Senix ultrasonic sensors include several interfaces that respond concurrently to sensor distance measurements, i.e., after each measurement all outputs respond according to the features selected configured using SenixVIEW software. As shown in the table below some sensor series have a 6-wire cable that includes serial data and two SenixVIEW-selectable outputs. Other model series have a 9-wire cable with each output wired individually. Sensors are also available with only serial data communications and those have a 4-wire cable.
|4-wire||All ToughSonic Sensors||Serial data (RS-232 or RS-485 by model)|
|Serial data (RS-232 or RS-485 by model)
* Analog 0-10 VDC
* 4-20 mA current loop (sourcing)
* Two programmable switches
(Two selectable outputs)
ToughSonic CHEM (all series)
|Serial data (RS-232 or RS-485 by model)
Analog 0-10 VDC
4-20 mA current loop (sourcing)
4-20 mA current loop (sinking)
Two programmable switches
(all independent outputs)
|* 6-wire only: Either analog output can be changed to a switch using SenixVIEW
All sensors: Use SenixVIEW to select a switch as sinking (NPN) or sourcing (PNP)
All Senix sensors include a serial data interface used primarily by SenixVIEW software but also available to user applications. Each sensor series has two serial data model options—RS-485 and RS-232. Both are industry standard electrical specifications with different characteristics. The RS-232 option is convenient for connecting to a single sensor over relatively short distances or with compatible equipment such as an older PC COM port. We otherwise recommend RS-485 because of the following advantages:
Both serial data interfaces use the industry standard Modbus protocol, although that can be changed using SenixVIEW to a simple ASCII streaming output for simple connections to other equipment like displays. SenixVIEW software uses Modbus for sensor configuration and performance monitoring, and you don’t need to understand Modbus to use it.
The communication baud rate is adjustable from 9,600 (default) to 115,200 baud to accommodate user applications. Proprietary features are included to improve data collection speed in multi-sensor applications.
The analog outputs vary proportionally with the measured distance. Sensor models can have either two or three simultaneous analog outputs (see above table). The analog distance endpoints are easily set anywhere within the sensor’s measurement range, and either endpoint can be the analog high limit or analog low limit, allowing either a positive or negative slope. Standard analog output value selections include 0-10 VDC (Volts Direct Current), 0-5 VDC and 4-20 milliamps (mA) current loop. The current and voltage outputs have independently adjustable output scaling, operate concurrently and utilize the same (adjustable) distance endpoints.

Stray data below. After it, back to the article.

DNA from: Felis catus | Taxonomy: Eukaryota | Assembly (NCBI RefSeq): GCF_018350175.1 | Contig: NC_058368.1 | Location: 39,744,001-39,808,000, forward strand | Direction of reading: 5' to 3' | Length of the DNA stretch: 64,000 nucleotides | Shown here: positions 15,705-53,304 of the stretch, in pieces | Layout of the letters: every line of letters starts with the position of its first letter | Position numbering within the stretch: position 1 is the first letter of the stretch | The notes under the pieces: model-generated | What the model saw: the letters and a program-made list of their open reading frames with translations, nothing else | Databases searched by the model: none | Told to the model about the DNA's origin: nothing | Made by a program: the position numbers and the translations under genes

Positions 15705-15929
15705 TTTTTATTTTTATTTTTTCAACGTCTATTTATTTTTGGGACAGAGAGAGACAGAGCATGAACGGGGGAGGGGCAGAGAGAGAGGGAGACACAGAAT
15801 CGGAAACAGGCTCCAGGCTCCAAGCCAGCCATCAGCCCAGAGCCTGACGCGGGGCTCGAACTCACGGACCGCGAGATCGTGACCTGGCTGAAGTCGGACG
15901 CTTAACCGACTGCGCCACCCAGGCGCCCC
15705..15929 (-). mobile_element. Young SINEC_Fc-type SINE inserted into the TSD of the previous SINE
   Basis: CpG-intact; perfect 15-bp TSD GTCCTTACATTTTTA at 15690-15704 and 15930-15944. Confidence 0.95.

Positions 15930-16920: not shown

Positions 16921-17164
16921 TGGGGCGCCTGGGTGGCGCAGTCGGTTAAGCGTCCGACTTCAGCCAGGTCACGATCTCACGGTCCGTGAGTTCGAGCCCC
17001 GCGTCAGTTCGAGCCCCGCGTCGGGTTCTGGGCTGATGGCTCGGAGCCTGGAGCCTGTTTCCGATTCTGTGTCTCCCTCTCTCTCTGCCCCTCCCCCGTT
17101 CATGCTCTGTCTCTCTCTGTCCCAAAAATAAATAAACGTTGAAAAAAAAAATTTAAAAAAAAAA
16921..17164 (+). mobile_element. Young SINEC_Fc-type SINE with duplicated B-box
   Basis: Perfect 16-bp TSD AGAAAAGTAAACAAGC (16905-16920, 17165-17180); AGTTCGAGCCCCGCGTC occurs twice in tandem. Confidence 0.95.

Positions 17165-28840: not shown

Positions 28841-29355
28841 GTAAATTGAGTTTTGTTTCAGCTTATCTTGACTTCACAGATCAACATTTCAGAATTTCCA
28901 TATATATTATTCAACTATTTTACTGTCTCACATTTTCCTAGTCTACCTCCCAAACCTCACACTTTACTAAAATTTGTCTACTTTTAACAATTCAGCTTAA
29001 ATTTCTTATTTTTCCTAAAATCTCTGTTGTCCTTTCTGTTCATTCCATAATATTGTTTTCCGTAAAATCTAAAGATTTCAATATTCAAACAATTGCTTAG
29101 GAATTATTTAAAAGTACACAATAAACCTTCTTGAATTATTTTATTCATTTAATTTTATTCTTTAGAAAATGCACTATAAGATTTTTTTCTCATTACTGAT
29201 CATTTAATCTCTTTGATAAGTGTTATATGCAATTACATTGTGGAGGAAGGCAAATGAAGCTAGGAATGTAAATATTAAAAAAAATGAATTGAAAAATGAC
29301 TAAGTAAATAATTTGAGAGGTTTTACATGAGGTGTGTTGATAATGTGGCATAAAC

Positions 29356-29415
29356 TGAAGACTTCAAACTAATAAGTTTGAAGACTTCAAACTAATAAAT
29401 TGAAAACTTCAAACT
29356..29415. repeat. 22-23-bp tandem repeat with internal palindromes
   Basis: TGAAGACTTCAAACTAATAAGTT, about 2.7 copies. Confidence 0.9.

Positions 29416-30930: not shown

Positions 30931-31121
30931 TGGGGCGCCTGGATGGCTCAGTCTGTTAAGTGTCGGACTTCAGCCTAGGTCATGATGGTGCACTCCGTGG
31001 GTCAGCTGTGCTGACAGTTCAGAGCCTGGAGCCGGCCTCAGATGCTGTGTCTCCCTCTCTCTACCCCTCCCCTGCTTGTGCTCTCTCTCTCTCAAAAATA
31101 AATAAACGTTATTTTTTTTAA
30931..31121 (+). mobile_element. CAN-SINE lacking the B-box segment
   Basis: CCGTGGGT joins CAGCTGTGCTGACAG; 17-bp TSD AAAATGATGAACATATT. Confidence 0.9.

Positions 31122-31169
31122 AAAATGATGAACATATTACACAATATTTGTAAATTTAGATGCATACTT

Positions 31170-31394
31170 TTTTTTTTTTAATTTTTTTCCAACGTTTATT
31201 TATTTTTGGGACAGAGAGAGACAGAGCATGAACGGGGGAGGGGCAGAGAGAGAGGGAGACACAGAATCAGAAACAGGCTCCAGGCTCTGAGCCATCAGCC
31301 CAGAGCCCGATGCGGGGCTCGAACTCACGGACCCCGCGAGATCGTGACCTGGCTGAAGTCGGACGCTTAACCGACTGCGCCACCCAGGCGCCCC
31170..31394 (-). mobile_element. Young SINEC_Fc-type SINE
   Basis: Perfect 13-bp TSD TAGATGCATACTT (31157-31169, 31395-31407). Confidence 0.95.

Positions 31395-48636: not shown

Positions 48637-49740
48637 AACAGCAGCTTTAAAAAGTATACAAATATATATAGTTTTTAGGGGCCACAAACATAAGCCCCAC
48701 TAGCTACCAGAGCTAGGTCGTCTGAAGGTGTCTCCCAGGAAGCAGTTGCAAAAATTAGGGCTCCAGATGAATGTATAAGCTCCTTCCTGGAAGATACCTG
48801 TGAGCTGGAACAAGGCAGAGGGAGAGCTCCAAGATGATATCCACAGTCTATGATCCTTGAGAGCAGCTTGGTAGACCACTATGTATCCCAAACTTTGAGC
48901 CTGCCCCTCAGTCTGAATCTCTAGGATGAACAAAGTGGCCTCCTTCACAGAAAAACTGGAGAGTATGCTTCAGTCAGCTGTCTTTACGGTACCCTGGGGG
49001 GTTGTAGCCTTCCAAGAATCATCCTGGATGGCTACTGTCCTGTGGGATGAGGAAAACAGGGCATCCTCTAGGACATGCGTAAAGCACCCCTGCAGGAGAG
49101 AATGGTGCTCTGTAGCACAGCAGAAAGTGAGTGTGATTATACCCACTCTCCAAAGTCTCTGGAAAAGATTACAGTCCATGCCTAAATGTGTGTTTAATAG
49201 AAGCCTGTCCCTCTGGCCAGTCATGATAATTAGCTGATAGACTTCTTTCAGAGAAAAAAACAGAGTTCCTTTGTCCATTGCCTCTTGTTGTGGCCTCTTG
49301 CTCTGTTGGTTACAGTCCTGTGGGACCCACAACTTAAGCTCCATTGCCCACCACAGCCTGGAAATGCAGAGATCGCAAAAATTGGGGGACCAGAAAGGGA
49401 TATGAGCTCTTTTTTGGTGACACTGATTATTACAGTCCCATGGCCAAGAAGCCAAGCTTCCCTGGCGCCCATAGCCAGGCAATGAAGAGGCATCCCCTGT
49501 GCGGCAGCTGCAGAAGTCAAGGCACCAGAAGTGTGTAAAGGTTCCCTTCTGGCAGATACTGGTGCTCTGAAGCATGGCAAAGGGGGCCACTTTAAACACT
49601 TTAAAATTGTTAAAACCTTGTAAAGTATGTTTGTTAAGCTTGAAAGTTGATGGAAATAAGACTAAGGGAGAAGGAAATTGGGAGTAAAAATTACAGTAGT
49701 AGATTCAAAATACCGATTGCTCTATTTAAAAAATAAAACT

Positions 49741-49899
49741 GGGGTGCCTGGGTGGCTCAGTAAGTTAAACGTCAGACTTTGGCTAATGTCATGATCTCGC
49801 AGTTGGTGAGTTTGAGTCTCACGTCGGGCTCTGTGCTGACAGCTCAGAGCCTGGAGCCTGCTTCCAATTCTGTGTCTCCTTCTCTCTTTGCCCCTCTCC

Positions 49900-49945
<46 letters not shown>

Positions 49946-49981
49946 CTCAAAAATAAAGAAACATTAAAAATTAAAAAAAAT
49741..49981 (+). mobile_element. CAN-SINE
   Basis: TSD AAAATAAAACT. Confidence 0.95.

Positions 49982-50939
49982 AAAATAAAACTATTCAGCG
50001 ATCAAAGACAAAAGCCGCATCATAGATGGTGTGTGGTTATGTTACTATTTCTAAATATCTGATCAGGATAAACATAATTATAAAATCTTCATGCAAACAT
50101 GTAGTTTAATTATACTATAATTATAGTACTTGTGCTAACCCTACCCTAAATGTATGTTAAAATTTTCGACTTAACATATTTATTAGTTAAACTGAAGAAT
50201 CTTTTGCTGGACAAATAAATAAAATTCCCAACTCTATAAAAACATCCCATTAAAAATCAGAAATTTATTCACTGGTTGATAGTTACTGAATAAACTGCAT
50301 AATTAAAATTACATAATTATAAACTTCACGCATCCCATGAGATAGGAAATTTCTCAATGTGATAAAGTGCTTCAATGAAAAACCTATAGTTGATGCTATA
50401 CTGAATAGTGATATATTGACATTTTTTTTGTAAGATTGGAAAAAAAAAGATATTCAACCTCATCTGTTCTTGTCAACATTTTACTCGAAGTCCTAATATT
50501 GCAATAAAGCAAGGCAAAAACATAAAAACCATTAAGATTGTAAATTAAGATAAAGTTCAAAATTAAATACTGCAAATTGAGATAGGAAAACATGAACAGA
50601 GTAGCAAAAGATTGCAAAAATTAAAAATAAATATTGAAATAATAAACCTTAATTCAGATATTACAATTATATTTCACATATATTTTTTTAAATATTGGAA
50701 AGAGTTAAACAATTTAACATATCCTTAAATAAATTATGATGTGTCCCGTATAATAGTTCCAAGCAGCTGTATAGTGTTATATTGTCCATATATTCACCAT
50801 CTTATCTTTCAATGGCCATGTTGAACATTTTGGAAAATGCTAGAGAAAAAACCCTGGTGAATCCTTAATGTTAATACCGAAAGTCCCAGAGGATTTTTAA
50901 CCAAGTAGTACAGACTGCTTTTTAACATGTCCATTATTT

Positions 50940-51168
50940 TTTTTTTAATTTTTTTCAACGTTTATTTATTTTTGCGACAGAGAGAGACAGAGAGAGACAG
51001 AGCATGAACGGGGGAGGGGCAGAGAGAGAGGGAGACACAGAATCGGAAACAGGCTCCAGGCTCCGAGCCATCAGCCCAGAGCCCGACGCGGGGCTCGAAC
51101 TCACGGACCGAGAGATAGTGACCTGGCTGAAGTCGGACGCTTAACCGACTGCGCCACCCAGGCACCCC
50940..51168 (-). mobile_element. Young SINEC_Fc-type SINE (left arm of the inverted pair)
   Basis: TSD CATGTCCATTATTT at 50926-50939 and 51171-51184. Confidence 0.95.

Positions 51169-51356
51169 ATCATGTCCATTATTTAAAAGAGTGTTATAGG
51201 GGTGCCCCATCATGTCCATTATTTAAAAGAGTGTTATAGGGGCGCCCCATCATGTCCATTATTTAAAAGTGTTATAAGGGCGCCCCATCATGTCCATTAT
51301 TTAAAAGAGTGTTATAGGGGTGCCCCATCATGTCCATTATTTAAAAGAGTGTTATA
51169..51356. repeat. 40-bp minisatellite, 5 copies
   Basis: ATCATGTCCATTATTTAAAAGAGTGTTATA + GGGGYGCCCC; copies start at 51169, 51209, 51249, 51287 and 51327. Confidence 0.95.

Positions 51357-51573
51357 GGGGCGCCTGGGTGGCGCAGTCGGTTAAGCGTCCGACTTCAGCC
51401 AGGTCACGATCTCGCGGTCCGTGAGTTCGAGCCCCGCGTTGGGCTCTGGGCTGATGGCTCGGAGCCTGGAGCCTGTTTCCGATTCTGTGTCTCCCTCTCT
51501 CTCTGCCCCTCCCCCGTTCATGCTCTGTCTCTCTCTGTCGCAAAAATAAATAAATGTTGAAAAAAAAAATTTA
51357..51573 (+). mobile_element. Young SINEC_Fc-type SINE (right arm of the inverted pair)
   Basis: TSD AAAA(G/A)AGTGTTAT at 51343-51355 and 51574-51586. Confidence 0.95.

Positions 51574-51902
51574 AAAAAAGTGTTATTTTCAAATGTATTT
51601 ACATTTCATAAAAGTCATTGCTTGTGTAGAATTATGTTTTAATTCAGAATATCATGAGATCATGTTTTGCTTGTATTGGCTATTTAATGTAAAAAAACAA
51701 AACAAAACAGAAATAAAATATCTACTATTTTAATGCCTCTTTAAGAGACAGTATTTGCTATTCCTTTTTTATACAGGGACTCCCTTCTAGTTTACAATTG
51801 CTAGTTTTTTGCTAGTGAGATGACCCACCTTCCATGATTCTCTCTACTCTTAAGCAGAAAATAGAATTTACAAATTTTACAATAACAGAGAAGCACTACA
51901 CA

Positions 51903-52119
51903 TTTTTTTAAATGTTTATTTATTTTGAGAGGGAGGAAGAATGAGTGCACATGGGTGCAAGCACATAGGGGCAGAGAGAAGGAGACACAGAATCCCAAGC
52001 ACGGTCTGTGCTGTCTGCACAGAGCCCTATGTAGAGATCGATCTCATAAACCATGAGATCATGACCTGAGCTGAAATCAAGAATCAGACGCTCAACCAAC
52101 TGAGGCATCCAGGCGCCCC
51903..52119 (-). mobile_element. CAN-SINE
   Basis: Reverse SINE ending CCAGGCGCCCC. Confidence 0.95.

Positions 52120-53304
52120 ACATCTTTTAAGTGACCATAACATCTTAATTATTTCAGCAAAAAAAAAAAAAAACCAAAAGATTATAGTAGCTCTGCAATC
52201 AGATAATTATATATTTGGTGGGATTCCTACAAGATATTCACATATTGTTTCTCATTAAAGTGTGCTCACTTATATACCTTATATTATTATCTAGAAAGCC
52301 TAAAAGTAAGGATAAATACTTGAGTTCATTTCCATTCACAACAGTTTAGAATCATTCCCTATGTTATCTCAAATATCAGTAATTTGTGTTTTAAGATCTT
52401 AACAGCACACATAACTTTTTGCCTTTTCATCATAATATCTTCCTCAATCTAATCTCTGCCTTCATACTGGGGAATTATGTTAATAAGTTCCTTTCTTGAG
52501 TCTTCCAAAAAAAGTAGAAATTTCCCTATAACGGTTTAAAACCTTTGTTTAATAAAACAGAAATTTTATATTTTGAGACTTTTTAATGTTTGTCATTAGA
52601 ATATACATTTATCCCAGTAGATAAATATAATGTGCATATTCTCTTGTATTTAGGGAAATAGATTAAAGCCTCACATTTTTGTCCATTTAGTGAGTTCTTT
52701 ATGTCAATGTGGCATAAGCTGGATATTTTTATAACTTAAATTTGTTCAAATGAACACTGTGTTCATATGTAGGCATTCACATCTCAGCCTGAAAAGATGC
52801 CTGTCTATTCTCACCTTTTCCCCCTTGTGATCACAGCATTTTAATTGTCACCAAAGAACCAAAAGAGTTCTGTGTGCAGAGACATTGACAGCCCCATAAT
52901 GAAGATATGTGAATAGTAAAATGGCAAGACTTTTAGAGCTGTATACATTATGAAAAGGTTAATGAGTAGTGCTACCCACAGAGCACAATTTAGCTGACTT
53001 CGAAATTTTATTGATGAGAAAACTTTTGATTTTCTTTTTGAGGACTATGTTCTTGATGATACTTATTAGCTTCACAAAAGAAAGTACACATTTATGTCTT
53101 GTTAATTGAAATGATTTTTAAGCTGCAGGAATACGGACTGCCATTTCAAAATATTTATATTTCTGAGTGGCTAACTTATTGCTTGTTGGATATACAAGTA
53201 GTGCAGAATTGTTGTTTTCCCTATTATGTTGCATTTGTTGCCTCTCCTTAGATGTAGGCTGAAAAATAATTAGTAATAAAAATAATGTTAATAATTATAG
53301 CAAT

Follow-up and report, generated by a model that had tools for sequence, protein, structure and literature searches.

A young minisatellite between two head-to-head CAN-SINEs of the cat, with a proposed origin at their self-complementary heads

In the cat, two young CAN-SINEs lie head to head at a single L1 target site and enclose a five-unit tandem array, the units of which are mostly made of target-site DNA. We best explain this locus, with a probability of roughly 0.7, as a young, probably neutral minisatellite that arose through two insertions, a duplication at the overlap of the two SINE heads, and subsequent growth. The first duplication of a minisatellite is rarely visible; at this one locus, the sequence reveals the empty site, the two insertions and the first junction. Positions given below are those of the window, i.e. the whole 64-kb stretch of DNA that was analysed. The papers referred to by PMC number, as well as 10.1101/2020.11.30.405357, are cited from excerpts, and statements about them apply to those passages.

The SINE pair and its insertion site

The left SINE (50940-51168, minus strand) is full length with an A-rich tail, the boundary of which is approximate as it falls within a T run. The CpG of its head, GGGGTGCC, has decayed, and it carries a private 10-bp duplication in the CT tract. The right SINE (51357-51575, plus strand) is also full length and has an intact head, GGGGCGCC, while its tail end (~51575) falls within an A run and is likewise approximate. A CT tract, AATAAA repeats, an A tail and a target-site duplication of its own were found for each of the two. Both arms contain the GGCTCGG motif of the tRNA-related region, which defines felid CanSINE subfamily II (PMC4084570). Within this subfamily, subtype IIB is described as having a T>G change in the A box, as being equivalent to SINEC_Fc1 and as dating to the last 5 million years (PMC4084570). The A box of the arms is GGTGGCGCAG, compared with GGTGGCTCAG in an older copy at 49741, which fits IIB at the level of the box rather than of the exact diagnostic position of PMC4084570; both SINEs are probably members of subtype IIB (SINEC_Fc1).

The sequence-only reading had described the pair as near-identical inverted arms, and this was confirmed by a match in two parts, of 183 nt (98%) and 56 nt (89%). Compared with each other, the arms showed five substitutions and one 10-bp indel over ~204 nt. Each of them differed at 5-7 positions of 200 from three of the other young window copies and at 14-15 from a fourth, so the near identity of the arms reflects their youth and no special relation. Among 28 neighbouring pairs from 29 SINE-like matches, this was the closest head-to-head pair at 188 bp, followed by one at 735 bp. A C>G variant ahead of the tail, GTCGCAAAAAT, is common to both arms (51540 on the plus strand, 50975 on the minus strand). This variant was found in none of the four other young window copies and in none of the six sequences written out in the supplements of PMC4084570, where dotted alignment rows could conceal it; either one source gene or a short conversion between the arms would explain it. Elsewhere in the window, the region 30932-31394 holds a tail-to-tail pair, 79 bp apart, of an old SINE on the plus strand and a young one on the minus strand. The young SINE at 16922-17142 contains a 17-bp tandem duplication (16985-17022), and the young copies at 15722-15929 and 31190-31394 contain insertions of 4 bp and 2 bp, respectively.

Using SenixVIEW software, analog functions and responses can optimized with custom end point values (1-10 VDC, for example), setting the high or low output value at power-up, the target-lost response, and a target-lost time delay. Some analog features are also in-situ adjustable using the “teach” push-button.
The figure above shows an analog 4-20 mA current loop output scaling. A target is shown detected at the midpoint of the current loop analog range, which yields a sensor output value of 12 mA. Six-wire sensors can have simultaneous 0-10 VDC and 4-20 mA outputs selected, or either can be changed to a switch.
Sensors can have 1 or 2 switch outputs that turn ON or OFF at distance setpoints to start and stop external actions or indicators. Switch parameters are fully adjustable using SenixVIEW.
Each switch has hysteresis control which means it can be turned ON at one distance and OFF at another. A single switch output can therefore perform a control function such as managing the liquid level in a tank by turning a pump or valve on or off at predetermined levels. Switches can also be set ON or OFF only when a target is within a specified distance window, allowing a single switch to set an alarm output for a high level, low level, or both.
Using SenixVIEW each switch can be set to “NPN” type (sinking) or “PNP” type (sourcing) for universal compatibility. A sinking switch turns “on” by connecting a powered device to ground, such as an external interposing relay, thus creating current flow. A sourcing switch connects connects the sensor’s power supply to an external device, i.e., “sourcing” current to a device to turn it ON. Switch functions and responses can be optimized using adjustable ON and OFF time delays, initial power-up states, hysteresis and window modes, and loss of target states with an associated time delay. Some switch features are also adjustable using the “teach” push-button.
ToughSonic switch outputs are solid state and designed to switch DC voltages. A DC powered conventional or solid state interposing relay must be added externally to switch AC or higher current DC loads.